Ivan stopped, suddenly, closing his eyes in rage. He had seen it; the mirror there. The mirror was cracked. He hated that mirror, hanging there, in the hallway. It was gilt and ornate and everything he despised. But it would never came away from the wall, no matter how hard he pulled on it and hit it with his pipe, it stayed there, a constant reminder of who had lived here, of what had happened, and of how things used to be. Ivan gritted his teeth. "Kolkolkolkolkolkol," he hissed, furiously at the mirror. He whirled around and struck it, hard with his fist. The cracked widened; it was grinning at him! Laughing at him! It hated him, and he hated it.
But it was there. A permanent reminder of how he had lived; the way he had feasted off of the pain and sweat and blood and lives of others, how they had worked and died working for him, and he had not noticed until…until now.
His last boss, who had shown him, kindly but firmly, how things ought to be done. The man who had guided his hand and helped make things better, if only a little bit.
Ivan beamed at the thought of him.
But his smile fell.
His old boss was dead, and now Stalin was in charge. Ivan clutched at himself instinctively. His new boss, who yelled and raged and always demanded more, more, more.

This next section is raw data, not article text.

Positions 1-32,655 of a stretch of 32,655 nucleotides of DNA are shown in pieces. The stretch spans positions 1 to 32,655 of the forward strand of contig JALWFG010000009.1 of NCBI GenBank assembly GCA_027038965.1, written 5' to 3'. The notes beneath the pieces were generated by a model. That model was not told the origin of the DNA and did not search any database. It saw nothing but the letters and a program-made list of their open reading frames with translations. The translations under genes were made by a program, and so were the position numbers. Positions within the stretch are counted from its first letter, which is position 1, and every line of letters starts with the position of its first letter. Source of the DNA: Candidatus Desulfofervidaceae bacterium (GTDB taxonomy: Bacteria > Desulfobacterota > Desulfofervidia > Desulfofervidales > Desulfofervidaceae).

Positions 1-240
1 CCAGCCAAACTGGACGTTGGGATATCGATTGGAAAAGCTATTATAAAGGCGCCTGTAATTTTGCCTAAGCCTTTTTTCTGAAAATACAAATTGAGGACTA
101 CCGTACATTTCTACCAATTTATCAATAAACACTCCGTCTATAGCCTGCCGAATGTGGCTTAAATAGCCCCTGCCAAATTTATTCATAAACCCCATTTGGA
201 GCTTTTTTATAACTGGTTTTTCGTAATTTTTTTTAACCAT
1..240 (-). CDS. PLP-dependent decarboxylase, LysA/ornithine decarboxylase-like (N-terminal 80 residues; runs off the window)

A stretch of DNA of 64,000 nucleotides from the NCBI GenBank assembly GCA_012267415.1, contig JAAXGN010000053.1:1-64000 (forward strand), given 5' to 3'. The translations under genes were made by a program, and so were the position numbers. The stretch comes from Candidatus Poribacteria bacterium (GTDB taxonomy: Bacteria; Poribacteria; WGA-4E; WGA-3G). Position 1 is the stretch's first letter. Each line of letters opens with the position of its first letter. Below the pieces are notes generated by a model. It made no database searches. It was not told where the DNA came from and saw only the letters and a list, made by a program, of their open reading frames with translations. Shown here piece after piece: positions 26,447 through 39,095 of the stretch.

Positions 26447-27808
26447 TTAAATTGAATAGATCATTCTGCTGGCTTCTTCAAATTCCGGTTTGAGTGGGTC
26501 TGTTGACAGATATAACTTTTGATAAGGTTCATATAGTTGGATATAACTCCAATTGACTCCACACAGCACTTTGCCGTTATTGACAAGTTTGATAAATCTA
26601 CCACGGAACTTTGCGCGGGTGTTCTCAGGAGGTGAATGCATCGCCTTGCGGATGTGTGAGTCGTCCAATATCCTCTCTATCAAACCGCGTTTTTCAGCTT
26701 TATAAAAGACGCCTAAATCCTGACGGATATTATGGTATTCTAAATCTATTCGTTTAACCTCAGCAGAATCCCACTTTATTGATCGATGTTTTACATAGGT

More production, more work, more land.
True, his family had grown, but Ivan was afraid of his new boss. Afraid of how he kept pushing the nation, pushing and pushing him to the war and letting him gobble up countries and lands and resources.
The mirror laughed at him. Ivan saw his own reflection in the mirror. He smiled at himself, but his expression suddenly changed to one of horror.
His reflection in the glass…covered in blood and oil and iron and blood and fire…a burning image. A devil image!
Ivan screamed in rage and angst. He tore at the glass, trying to stop the vision of death and destruction and himself; in the centre of it all, smiling. Smiling as the blood dripped from his hands and stained his soul. Smiling as he tore lives apart and laughing as America- Alfred- howled and burned.
He fled. He couldn't take it anymore. He ran and ran, to the door, banging his fist against the walls and searching, all the while searching…
Running, laughing. Scarf.
Why aren't you laughing, Toris? Aren't you having fun? Don't you like to play?
There! In the window! The black smiling face surrounded by yellow petals. So pretty…Ivan leaped at the flower. Toris; why are you crying? Ah, no matter. I'm going. Going to find my pretty sunflower.
Out the door; there, that's where it was! Where is it?
Ivan pressed his hands to his eyes. He was not, NOT crying. But the sunflower is gone. I saw it. In the window.
I know I did.
The wind whipped around him, blowing snow everywhere.
Oh, how he hated it!
Blood. Toris's blood?
No; my blood. Ivan scratched his pale skin experimentally. A white raised line on his flesh.
A knife; that's it. A knife.
"Toris…" he peered in the window. Toris is gone. How sad.
Glass…his reflection! Staring back at him. Ivan screeched again and drove a fist through the window. A splinter of glass stuck in his knuckles, a tiny blossom of red around it.
Like a red flower.
Not as pretty as a sunflower, but pretty all the same. He pulled the shard out of his knuckle and dragged it across his forearm. A trail of red beads followed.